October 23, 2014

Mobile Profile: DJ Greg Mixes Deck Savvy With “Nice”

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Howell, N.J.—DJ Greg’s career epiphany occurred while at college—and not in the classroom, but at parties. It’s where he found his vocation. “During my second year of college, I was always being asked to DJ at parties and at friends’ weddings,” he recalls. “That’s when it first hit me: ‘Hey, I think I might be able to make a living from DJing, and it’s something that I really love doing.’”
Greg Lambiase (aka DJ Greg Nice) was born in Manhattan, and had developed a passion for music at an early age—sound familiar? By the time he was in the 8th grade he had purchased his first pair of decks and learned to mix vinyl. When friends and family saw his talent, they encouraged him to pursue music, and Lambiase eventually started working as a mobile DJ for several multi-system DJ operators. That’s when he found he could MC and dance, too.

But it was in college in 2005 when he took the bold step of co-founding Alpha-Omega Entertainment. It lasted until 2009. The following year he went solo, founding GSL Entertainment. It wasn’t easy.

To the public, GSL Entertainment was a new company and brand. With a glut of DJ companies in his home market of Central New Jersey, it would take time to stand out in a crowded field. “Initially, I spent too much money with an outside web designer on a website that did not live up to expectations,” he says. “Eventually, I took down this site and re-did it myself.”

The key to his new website’s success? “Photos,” says Lambiase. “People use their senses and they like to see things. My photos are important to me because they let me share fun, excitement and special moments, while visitors to the website can also indulge their other senses by viewing our video gig logs and listening to our online mixes and mash-ups.”

And then DJ Greg pursued three paths to generate gigs for his new company. He kept in contact with old clients and introduced them to his new company. “That’s really important, keeping in touch,” he says. “Even if your original clients don’t have any future events, they always know someone who is and they refer you to their family and friends.”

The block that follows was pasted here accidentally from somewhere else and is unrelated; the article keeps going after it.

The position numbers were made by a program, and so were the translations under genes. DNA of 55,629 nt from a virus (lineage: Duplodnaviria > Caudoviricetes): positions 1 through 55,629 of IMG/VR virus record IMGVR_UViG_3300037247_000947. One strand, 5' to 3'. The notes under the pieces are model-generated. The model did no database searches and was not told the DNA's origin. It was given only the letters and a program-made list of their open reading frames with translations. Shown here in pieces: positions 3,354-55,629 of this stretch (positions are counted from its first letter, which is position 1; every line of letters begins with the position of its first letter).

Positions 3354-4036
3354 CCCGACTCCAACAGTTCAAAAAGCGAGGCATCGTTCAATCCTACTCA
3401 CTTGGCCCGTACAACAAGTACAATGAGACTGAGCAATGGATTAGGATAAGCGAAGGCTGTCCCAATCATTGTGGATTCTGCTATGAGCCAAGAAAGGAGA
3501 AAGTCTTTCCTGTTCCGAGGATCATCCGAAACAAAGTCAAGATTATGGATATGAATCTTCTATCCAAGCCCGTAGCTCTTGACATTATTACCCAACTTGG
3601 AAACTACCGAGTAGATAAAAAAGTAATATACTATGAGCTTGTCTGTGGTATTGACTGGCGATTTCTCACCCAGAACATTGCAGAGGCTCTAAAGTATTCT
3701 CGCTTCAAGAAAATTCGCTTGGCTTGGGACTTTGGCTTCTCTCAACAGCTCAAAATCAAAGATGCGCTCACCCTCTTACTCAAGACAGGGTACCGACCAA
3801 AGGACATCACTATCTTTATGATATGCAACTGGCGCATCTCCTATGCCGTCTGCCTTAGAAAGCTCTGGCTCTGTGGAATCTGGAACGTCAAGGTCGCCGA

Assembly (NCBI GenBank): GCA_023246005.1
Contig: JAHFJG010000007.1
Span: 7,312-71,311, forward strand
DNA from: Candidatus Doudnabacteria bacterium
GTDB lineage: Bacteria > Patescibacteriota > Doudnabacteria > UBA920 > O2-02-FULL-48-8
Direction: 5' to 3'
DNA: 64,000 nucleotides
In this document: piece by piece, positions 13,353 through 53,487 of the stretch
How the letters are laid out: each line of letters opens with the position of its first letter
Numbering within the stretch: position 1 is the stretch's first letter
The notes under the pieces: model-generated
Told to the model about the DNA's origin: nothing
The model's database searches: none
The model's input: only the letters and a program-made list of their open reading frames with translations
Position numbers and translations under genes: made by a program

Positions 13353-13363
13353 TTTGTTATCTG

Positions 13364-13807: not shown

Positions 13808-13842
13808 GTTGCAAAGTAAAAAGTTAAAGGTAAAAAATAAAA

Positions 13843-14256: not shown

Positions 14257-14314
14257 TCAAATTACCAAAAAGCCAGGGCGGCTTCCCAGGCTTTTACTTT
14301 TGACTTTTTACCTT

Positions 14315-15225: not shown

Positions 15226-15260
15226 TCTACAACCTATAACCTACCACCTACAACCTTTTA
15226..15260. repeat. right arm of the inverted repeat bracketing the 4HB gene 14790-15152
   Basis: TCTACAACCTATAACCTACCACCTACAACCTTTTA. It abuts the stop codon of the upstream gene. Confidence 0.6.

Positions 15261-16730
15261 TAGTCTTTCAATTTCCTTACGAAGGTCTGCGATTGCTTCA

He decided where to place advertising based on the types of gigs he wanted to book. “For print, I selected Celebrations Magazine, a Central Jersey magazine geared towards teen events and weddings,” he says. “And for online I opted for WeddingWire and EventWire.”

He deployed the power of Social Media to spread awareness about GSL Entertainment. “Social media has also helped me to gain valuable networking contacts,” says DJ Greg, whose preferred platforms are Facebook, Instagram and Twitter. “Twitter has helped me to connect with other professionals in the events industry. These online relationships can be converted into business relationships by taking the next step to get together for a cup of coffee. Before long, you are referring each other’s services and doing real business.”

Eventually, Lambiase began to scale his business, which required vigilance when it came to training new DJs. “I believe strongly in on-the-job training,” he says. “I take new DJs to gigs and walk them through the process of setting up, and I show them the proper way to interact with catering staff at venues. I have them work with me side-by -side in the DJ booth, where I can give them some hands-on experience.”

DJ Greg also trains them at the office, where they can practice beat matching and microphone skills. To his DJ newbies he espouses the four principles of DJing:

  • Watch for people’s expressions
  • Observe carefully what’s going on
  • Keep your eye on the dancefloor
  • Stay connected to your client and crowd

One thing that he can offer newbie DJs is a chance to watch him work with DJ Frankie. Together, they book themselves as The Duo, a package geared toward specialty events like Sweet 16s, Mitzvahs and club engagements. “Clients get two DJs that can both MC and DJ,” says Lambiase. “Frankie and I play off each other, which takes the music and interaction to a whole other level.”
One other pursuit that has yielded benefit for DJ Greg is membership in the New Jersey Disc Jockey Network. “You can learn from everyone,” he says. “The guys who have been around a long time—they have experience, and they share how they’ve made it in the business for so long. The new guys, they have fresh ideas to share about technology or different thoughts on marketing. You take tidbits from everyone to make your business stronger and keep things moving. I enjoy the networking opportunities and variety of perspectives.”

When I asked DJ Greg where he saw his business in five years—he currently employs 10 DJs—he was unhesitating in his reply. “I foresee performing at more events, and more high-end events that take full advantage of my experience and talent,” he says. “On the wedding side of the business, I am currently developing a unique, high-end package that will be ready for market soon.”

As we close our conversation, Lambiase tells me that he’d also love to expand his tutorials in his DJ Academy. “Teaching the art of the DJ to others is important,” he says, recalling that the words of encouragement he had received from people as a young DJ were a big part of his inspiration. “In addition to keeping the art form alive, my DJ academy will be a great place to recruit GSL Entertainment’s next great DJ!”

Read more in this month’s Digital Edition

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